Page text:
Gov. Scott Walker Says He Won't Pursue or Reject Right-to-Work
Despite first authoring a right-to-work bill 20 years ago, Gov. Walker said pursuing the legislation now would be a distraction, but he also wouldn't reject it if a bill came across his desk.
**Updated 2:40 p.m., Dec. 12
Legislators in Michigan Tuesday passed right-to-work legislation, and folks on both sides of the issue here in Wisconsin were watching closely.
Michigan Gov. Rick Snyder told NBC News that he supports collective bargaining, but forcing employees — public or private — to join a union and/or pay union dues was taking away workers' freedom of choice. The two bills he signed bans making union membership a condition of employment for both public and private workers.
Protests in Lansing certainly looked familiar to Wisconsin residents. With shouts of "Shame on you" aimed at lawmakers and crowds clogging the state capitol, some Wisconsinites probably experienced a sense of deja vu.
Here in Wisconsin, Gov. Scott Walker told reporters Wednesday in Pewaukee that he will not actively pursue right-to-work legislation here because it would be a distraction away from focusing on job creation.
In an email to Patch Thursday, a spokesperson for Walker confirmed that RTW takes attention away from the governor's agenda.
"Governor Walker is focused on his budget priorities: creating jobs, developing our workforce, transforming education, reforming government, and investing in infrastructure. Anything outside of that is a distraction from the agenda the Governor has laid out," Deputy Communications Director Julie Lund wrote.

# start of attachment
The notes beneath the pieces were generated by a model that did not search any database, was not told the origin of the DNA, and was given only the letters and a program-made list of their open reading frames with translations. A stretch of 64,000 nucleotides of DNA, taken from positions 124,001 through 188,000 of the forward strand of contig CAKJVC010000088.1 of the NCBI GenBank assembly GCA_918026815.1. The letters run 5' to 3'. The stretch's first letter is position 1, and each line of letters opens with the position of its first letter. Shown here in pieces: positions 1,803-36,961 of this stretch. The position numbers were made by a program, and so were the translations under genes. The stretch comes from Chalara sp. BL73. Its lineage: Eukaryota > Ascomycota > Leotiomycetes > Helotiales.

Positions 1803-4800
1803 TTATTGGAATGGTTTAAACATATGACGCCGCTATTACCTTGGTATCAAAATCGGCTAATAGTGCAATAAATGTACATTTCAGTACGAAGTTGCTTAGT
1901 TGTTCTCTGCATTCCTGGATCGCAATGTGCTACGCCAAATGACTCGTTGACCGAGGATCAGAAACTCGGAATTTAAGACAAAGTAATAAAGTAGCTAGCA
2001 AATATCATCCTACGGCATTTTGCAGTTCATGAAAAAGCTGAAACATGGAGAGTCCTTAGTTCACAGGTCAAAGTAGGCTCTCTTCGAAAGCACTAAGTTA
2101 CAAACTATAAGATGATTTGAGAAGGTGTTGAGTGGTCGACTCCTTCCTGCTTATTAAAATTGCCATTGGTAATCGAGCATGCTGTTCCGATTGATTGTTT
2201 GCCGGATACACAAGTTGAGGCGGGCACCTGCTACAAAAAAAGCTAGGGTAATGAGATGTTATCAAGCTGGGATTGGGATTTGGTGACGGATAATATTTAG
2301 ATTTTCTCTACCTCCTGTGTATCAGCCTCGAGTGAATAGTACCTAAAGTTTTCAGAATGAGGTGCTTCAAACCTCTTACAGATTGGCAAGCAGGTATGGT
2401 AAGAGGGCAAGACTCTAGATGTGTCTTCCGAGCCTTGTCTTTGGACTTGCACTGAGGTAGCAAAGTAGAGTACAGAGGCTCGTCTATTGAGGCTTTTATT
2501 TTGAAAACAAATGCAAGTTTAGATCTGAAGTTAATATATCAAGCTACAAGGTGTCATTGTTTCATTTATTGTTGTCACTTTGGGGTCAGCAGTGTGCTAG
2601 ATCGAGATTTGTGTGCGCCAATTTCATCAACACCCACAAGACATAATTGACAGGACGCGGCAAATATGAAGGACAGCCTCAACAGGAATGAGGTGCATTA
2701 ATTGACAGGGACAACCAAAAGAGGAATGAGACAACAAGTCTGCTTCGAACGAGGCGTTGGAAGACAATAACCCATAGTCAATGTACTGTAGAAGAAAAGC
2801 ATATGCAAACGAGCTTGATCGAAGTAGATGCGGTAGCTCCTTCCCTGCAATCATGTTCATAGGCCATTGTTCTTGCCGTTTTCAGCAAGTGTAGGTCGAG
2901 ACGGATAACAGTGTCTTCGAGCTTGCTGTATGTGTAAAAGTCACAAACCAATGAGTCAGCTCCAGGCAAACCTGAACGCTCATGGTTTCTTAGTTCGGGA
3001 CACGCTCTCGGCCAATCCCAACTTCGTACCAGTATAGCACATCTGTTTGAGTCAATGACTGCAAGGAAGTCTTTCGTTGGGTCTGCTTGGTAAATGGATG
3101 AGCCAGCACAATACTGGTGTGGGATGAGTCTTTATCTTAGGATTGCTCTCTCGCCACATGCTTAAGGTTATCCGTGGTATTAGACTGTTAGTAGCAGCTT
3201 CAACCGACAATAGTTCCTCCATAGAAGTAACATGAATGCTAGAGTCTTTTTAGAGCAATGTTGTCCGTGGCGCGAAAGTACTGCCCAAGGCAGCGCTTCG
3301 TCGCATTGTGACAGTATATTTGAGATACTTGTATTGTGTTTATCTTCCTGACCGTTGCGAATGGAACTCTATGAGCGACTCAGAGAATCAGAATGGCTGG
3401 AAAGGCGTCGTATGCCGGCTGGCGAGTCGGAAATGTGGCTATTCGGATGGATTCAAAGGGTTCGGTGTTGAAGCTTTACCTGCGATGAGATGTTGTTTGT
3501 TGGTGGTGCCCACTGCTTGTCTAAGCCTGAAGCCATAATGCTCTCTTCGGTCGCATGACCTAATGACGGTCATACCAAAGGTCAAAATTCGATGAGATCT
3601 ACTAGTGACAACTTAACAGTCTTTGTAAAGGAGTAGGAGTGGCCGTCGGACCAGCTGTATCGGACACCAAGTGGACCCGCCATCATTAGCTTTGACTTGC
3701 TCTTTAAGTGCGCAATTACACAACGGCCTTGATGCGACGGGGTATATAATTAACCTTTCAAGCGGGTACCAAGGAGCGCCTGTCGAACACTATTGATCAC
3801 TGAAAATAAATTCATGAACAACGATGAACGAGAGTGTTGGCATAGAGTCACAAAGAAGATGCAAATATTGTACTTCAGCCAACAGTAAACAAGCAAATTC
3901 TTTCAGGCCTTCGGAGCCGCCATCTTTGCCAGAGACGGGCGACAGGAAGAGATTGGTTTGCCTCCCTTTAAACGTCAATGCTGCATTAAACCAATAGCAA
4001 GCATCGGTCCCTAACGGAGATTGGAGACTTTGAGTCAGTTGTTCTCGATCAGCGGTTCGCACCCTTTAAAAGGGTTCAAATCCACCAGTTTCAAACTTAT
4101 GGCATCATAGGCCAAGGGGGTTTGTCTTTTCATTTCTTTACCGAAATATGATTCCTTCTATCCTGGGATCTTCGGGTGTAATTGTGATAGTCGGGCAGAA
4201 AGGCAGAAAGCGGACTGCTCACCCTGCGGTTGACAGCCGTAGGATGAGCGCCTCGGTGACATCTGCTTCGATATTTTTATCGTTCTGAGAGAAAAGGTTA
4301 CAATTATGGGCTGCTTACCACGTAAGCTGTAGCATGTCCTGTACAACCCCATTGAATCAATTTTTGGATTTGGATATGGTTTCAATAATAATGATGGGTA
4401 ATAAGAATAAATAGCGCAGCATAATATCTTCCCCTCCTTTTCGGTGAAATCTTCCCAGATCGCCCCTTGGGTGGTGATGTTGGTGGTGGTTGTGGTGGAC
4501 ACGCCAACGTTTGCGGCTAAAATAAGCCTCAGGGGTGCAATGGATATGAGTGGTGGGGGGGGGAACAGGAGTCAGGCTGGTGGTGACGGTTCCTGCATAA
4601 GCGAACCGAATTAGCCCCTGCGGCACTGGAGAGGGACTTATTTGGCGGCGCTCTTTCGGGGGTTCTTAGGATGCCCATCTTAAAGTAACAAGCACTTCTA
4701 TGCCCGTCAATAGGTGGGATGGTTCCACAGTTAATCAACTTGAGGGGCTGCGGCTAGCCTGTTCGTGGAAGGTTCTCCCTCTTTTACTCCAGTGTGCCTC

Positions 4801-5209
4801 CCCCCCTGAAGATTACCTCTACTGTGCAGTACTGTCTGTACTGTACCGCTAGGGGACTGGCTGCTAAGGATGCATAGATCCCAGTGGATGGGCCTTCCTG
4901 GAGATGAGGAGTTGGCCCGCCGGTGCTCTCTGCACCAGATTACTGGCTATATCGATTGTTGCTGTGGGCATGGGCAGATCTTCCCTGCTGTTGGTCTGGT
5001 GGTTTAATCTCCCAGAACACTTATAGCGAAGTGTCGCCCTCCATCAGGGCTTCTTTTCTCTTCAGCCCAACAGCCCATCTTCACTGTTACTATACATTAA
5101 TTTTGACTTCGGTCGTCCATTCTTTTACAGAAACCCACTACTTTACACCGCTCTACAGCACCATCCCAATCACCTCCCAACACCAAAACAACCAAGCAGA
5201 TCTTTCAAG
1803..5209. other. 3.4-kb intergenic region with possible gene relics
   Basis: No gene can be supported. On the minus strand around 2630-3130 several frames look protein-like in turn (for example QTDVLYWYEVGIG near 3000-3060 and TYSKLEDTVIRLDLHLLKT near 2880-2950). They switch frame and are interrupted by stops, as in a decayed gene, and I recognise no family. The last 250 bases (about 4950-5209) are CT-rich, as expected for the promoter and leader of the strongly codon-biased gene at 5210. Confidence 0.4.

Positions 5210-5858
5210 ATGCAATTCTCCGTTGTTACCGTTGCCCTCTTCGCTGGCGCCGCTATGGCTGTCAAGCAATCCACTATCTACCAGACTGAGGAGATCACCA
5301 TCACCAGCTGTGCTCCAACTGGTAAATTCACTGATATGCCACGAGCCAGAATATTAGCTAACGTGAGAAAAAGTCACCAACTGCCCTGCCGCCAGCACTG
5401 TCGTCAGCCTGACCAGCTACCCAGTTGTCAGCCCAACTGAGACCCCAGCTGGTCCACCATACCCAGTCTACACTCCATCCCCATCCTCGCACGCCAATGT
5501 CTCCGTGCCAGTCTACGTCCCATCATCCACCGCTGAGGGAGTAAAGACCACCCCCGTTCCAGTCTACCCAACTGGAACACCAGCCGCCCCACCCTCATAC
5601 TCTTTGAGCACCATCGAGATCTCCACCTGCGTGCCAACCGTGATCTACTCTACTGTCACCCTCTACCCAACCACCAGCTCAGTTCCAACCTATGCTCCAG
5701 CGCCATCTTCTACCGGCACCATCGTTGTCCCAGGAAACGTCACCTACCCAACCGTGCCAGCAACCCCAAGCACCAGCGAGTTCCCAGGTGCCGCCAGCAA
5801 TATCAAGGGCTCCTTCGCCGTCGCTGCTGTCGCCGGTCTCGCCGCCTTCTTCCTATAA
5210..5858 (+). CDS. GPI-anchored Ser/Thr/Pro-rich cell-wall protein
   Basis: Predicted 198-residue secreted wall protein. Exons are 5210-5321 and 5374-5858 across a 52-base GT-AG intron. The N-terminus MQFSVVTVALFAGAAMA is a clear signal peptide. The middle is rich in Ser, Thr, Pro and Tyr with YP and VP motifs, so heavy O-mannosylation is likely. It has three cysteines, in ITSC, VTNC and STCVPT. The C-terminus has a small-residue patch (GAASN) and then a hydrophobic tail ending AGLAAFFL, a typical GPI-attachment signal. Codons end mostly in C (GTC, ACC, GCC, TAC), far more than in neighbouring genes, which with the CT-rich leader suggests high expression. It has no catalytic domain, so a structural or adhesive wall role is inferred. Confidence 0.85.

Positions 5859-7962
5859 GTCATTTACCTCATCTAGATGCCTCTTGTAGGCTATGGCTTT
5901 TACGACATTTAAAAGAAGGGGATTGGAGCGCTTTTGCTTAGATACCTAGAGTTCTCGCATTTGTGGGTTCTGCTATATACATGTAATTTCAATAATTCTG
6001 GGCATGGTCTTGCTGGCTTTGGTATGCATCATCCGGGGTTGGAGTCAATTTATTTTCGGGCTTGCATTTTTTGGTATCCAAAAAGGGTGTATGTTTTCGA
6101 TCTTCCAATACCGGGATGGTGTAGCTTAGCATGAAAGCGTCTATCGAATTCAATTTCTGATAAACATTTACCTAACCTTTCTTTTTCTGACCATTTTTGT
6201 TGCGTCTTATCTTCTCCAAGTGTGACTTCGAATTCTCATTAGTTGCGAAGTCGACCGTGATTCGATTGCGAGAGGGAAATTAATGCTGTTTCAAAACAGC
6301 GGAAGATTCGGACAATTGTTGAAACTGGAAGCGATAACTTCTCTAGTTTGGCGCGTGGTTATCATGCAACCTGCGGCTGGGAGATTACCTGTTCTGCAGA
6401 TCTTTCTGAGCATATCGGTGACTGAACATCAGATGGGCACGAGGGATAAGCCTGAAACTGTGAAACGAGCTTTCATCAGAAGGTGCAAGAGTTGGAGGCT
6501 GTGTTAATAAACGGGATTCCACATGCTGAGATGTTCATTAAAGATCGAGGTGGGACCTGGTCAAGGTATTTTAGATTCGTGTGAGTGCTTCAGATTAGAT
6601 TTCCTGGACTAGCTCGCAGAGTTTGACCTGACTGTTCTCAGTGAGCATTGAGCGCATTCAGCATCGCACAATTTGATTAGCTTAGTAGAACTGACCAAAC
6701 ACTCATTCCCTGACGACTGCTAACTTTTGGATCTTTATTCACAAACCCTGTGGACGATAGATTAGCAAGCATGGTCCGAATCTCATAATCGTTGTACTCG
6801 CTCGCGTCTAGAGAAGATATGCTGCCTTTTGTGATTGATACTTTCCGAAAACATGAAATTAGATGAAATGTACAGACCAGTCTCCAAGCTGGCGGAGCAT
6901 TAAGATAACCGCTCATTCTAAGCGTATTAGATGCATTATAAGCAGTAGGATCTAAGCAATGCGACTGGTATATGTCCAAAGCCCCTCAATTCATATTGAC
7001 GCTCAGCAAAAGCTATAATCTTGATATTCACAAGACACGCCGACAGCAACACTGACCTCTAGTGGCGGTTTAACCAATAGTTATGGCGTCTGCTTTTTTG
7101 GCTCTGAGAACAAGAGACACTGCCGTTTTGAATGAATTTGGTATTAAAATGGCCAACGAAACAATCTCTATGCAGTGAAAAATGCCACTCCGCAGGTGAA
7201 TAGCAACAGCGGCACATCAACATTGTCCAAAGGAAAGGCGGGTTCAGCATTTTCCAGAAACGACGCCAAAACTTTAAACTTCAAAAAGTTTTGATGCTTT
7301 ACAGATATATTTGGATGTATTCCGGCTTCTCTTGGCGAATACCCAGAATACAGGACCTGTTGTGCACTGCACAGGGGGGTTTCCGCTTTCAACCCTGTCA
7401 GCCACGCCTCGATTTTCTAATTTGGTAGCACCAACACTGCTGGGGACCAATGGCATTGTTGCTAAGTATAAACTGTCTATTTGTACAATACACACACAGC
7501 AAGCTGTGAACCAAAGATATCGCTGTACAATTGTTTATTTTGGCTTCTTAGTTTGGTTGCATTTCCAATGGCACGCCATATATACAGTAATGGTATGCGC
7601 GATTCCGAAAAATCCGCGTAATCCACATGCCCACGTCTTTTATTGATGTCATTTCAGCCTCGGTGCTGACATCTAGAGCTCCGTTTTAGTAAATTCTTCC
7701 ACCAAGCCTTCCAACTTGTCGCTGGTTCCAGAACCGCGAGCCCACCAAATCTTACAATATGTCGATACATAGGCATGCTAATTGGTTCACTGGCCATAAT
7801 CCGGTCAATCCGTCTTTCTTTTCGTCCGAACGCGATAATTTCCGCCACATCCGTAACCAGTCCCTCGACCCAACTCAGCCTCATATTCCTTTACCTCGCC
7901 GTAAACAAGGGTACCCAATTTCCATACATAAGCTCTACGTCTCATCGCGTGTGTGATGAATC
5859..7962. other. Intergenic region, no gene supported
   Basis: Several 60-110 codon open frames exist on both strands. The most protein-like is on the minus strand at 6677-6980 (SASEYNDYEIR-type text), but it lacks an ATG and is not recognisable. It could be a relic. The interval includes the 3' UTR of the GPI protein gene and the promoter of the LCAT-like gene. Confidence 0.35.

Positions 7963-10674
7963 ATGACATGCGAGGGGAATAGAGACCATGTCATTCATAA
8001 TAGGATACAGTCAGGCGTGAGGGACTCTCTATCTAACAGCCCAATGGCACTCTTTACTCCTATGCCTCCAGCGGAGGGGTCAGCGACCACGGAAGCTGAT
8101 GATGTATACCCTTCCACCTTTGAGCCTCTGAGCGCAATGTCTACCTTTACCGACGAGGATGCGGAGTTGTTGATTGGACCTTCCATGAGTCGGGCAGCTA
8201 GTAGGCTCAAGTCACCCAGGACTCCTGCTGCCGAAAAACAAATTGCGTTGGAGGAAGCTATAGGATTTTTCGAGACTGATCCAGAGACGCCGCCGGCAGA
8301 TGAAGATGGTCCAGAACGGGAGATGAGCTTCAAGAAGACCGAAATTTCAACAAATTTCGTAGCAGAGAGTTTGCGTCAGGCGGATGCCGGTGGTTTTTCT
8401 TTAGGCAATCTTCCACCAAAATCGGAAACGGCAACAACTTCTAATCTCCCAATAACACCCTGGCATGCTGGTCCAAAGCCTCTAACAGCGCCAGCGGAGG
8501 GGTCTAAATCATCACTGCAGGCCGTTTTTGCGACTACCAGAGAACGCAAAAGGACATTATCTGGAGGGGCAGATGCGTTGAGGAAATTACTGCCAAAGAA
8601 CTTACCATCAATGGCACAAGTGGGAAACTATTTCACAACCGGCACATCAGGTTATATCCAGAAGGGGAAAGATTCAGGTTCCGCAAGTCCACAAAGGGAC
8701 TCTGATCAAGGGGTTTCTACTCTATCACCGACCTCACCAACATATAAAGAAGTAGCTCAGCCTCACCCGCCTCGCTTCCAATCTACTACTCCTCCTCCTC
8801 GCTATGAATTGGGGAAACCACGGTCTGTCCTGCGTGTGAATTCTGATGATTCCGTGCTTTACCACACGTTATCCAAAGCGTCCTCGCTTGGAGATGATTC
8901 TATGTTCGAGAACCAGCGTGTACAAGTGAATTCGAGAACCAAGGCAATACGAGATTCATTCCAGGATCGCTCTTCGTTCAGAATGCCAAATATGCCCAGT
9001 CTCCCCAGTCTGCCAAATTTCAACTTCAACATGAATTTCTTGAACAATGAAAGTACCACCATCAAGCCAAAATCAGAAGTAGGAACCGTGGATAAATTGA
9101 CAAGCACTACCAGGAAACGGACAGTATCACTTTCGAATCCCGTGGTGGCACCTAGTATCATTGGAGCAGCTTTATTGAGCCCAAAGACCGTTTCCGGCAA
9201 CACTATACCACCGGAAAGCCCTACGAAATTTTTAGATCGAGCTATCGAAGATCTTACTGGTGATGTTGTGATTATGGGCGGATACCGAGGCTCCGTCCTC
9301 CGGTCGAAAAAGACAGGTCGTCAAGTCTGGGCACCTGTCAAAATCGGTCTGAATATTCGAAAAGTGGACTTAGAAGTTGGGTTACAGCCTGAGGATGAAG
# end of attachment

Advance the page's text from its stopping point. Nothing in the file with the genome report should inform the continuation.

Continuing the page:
Rep. Robin Vos, R-Rochester, is Speaker of the Assembly and he said he has no plans to introduce right-to-work legislation when lawmakers return to Madison in January.
Recovering from the recall elections is another reason Walker isn't interested in rocking Wisconsin workers' boat right now, and he defended Act 10 as standing up for state taxpayers.
"We really didn't target unions, what we did was stand up for taxpayers," he said during a Tuesday visit to Grand Chute.
Maureen Martin is a senior fellow for legal affairs with the Heartland Institute and is a Wisconsin resident. Overwhelmingly, top staffers there support right-to-work.
“And all of the taxpayers in this country paid for the destruction to the Michigan auto industry brought to its knees by union overreaching. Despite these subsidies, GM still went through bankruptcy and has not yet recovered," she wrote in a written statement from the Institute. "Yet automakers in right-to-work states are thriving. The handwriting is on the wall; the teachers evidently can’t read.”
Wisconsin state Sen. John Lehman, D-Racine, opposes right to work legislation because, he said, employees can benefit from a union's representation without paying for it.
"Unions work to get a fair deal for the employees they represent so if workers aren't paying dues, they aren't paying for representation they benefit from," he said.
Plus, he added, arguments supporting right-to-work prove empty when fair share rules are in place so that employees only pay for collective bargaining.
"There's no good argument to be had then for right-to-work," Lehman added.